Uppsala University, Disciplinary Domain of Science and Technology, Physics, Department of Physics and Astronomy, Applied Nuclear Physics.
    Progress in the development of the neutron fluxmonitoring system of the French GEN-IV SFR:simulations and experimental validations2015Conference paper (Other academic)
    Abstract [en]

    The neutron flux monitoring system of the FrenchGEN-IV sodium-cooled fast reactor will rely on hightemperaturefission chambers installed in the reactor vessel andcapable of operating over a wide-range neutron flux. Thedefinition of such a system is presented and the technologicalsolutions are justified with the use of simulation andexperimental results.

  • 414.
    Janssens, Willem
    et al.
    European Commission - Joint Research Centre - DIR G - Dept G.II Nuclear Security and Safeguards, Ispra (VA), Italy.
    Niemeyer, Irmgard
    Forschungszentrum Jülich GmbH, Nuclear Safeguards and Security, Julich, Germany.
    Aregbe, Yetunde
    European Commission - Joint Research Centre, DIR G- G.2. Geel, Belgium.
    Bonino, Francois
    CTE- Comite Technique Euratom, Paris, France.
    Funk, Pierre
    IRSN - PDS - Nuclear Defense and Security Expertise Division, Fontenay-aux-Roses Cedex, France.
    Hildingsson, Lars
    Swedish Radiation Safety Authority, Stockholm, Sweden.
    Jansson, Peter
    Uppsala University, Disciplinary Domain of Science and Technology, Physics, Department of Physics and Astronomy, Applied Nuclear Physics.
    Koutsoyannopoulos, Christos
    European Commission - DG ENERGY - EURATOM Safeguards, Luxembourg.
    Martikka, Elina
    STUK-Radiation and Nuclear Safety Authority, Helsinki, Finland.
    Medici, Fausto
    Federal Department of the Environment, Transport, Energy and Communications DETEC, Ittigen, Switzerland.
    Oddou, Julie
    CTE- Comite Technique Euratom, Paris, France.
    Okko, Olli
    TUK – Radiation and Nuclear Safety Authority, Helsinki, Finland.
    Rozle, Jakopic
    European Commission - Joint Research Centre, DIR G- G.2. Geel, Belgium.
    Sevini, Filippo
    European Commission - Joint Research Centre - DIR G - G.II.7, Ispra (VA), Italy.
    Tushingham, James
    UK National Nuclear Laboratory, Warrington, United Kingdom.
    Vince, Arpad
    Hungarian Atomic Energy Authority, Budapest, Hungary.
    Outcome and Actions of the 2019 Reflection Group of the European Safeguards Research and Development Association (ESARDA)2019Conference paper (Other academic)
    Abstract [en]

    The European Safeguards Research and Development Association (ESARDA), founded in 1969, is a voluntary association of European organizations formed to foster, advance and harmonize research and development (R&D) in the area of nuclear safeguards. It provides a forum for the exchange of information and ideas between nuclear facility operators, safeguards national authorities, regional and international inspectorates, and individuals engaged in safeguards-related research and development. Today ESARDA includes 33 Parties from within the European Union. In addition, a further eight laboratories, authorities, operators and academic institutions from outside the EU have joined ESARDA as Associate Members, while the Association signed Memoranda of Understanding with the Asia-Pacific Safeguards Network and the African Commission on Nuclear Energy, and a Letter of Intent with the Institute for Nuclear Materials Management.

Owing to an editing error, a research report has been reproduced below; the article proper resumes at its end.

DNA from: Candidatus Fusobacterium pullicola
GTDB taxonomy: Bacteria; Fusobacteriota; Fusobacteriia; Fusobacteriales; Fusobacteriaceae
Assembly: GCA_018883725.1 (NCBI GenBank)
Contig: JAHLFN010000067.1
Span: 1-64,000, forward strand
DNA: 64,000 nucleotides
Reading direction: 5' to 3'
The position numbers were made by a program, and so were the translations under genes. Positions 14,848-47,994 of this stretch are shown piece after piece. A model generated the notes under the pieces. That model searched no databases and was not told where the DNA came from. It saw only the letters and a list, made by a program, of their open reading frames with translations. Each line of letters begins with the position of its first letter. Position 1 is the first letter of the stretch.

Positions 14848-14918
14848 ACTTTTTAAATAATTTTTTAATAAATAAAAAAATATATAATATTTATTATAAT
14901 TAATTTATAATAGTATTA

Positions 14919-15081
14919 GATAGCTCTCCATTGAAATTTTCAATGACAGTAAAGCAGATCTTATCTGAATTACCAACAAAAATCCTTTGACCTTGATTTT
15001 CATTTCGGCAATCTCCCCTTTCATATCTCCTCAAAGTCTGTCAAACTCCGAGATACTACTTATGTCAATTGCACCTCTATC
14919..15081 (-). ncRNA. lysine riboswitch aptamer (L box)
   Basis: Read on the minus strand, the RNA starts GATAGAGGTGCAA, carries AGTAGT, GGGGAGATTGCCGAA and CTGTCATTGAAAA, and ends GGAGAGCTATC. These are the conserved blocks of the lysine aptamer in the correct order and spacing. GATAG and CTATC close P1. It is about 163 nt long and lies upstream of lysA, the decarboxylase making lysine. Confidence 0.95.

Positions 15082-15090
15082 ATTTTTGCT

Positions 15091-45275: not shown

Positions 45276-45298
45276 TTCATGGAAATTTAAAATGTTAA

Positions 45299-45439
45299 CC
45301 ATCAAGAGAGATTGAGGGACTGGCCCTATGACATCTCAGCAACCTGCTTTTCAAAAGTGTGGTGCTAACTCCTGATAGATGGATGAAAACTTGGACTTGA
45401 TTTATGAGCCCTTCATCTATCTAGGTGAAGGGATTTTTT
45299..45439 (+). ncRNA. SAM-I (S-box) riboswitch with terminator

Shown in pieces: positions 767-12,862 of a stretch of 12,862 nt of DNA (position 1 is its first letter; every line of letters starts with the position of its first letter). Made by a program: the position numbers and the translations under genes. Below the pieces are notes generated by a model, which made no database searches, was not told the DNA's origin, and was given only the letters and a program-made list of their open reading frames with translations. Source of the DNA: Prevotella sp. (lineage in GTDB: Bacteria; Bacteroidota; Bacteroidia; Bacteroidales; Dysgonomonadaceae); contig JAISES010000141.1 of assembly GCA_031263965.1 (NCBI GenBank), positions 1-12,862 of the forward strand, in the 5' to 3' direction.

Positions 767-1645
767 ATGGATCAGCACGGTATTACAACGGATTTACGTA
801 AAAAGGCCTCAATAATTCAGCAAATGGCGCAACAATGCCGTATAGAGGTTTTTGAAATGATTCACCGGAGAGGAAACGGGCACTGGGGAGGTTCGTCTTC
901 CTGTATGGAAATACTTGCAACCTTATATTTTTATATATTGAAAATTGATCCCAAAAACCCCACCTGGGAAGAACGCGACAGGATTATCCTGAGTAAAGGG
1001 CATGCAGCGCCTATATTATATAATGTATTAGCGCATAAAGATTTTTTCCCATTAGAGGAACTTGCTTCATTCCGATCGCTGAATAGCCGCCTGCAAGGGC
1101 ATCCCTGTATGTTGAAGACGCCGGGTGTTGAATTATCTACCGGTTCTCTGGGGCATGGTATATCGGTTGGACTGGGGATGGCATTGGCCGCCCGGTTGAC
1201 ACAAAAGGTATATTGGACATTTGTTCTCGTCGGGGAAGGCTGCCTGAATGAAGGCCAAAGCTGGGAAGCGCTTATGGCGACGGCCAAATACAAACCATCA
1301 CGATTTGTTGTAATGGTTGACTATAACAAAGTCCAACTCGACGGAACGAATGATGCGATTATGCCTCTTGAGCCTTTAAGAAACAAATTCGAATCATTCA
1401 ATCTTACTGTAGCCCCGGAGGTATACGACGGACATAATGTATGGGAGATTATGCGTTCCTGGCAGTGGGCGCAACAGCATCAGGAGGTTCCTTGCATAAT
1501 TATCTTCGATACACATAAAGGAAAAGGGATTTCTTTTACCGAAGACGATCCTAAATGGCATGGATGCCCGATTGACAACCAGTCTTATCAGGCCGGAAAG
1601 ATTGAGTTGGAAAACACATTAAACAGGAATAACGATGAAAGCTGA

ESARDA seeks to maintain a dynamic approach to the developing priorities, while ensuring that its activities continue to anticipate future needs, which is why the Association periodically undertakes a formal Reflection Group exercise. In the last 2 years, the Reflection Group, RG2019, worked along the following objectives:

    1. develop a roadmap to improve and enhance the quality, effectiveness and efficiency of safeguards and non-proliferation in Europe and abroad; and
    2. ensure that the future activities of ESARDA are both consistent with the Association’s purpose, as stated in the ESARDA Agreement, and address the needs of the ESARDA members and/or stakeholders.

    In the report, finalized before the ESARDA Symposium in May 2019, three specific goals were identified:

    1. establish short term ESARDA priorities (2019 to 2024) and prepare a roadmap - i.e. WHAT;
    2. define ESARDA’s long-term future (2019-2050) activities based on the new landscape in Europe and internationally - to be reviewed before 2025 to establish the next 5 year plan; and
    3. review the ESARDA organization, and discuss HOW ESARDA can achieve the identified objectives and implement the identified roadmap.

    A World Café on these topics was organized and held during the 2019 Symposium. In this paper, the key outcomes and results of the ESARDA Reflection Group 2019 are presented, including their relevance for the international partners of ESARDA.

  • 415.
    Jansson, Anders
    Uppsala University, Disciplinary Domain of Science and Technology, Physics, Department of Physics and Astronomy, Applied Nuclear Physics.
    CFD simulation of pool dynamics in a nuclear reactor's condensation pool2014Independent thesis Advanced level (professional degree), 20 credits / 30 HE creditsStudent thesis
    Abstract [en]

    In a nuclear reactor the containment protects the environment from radioactive emissions. It is separated in two parts, a drywell and a wetwell. The drywell contains the reactor vessel and the steam pipes. If a steam leakage occurs in this part of the containment the pressure will increase. To reduce the pressure raising the reactor safety system uses the pressure suppression principle. By this principle the steam is condensed in a condensation pool filled with water. This pool is located in the wetwell part of the containment. To connect the drywell and wetwell there are pipes connected between them. These pipes are submerged under the water level in the condensation pool. This means that steam will be blown down into the condensation pool if the pressure in the drywell exceeds the hydrostatic pressure at the pipe outlet in the pool.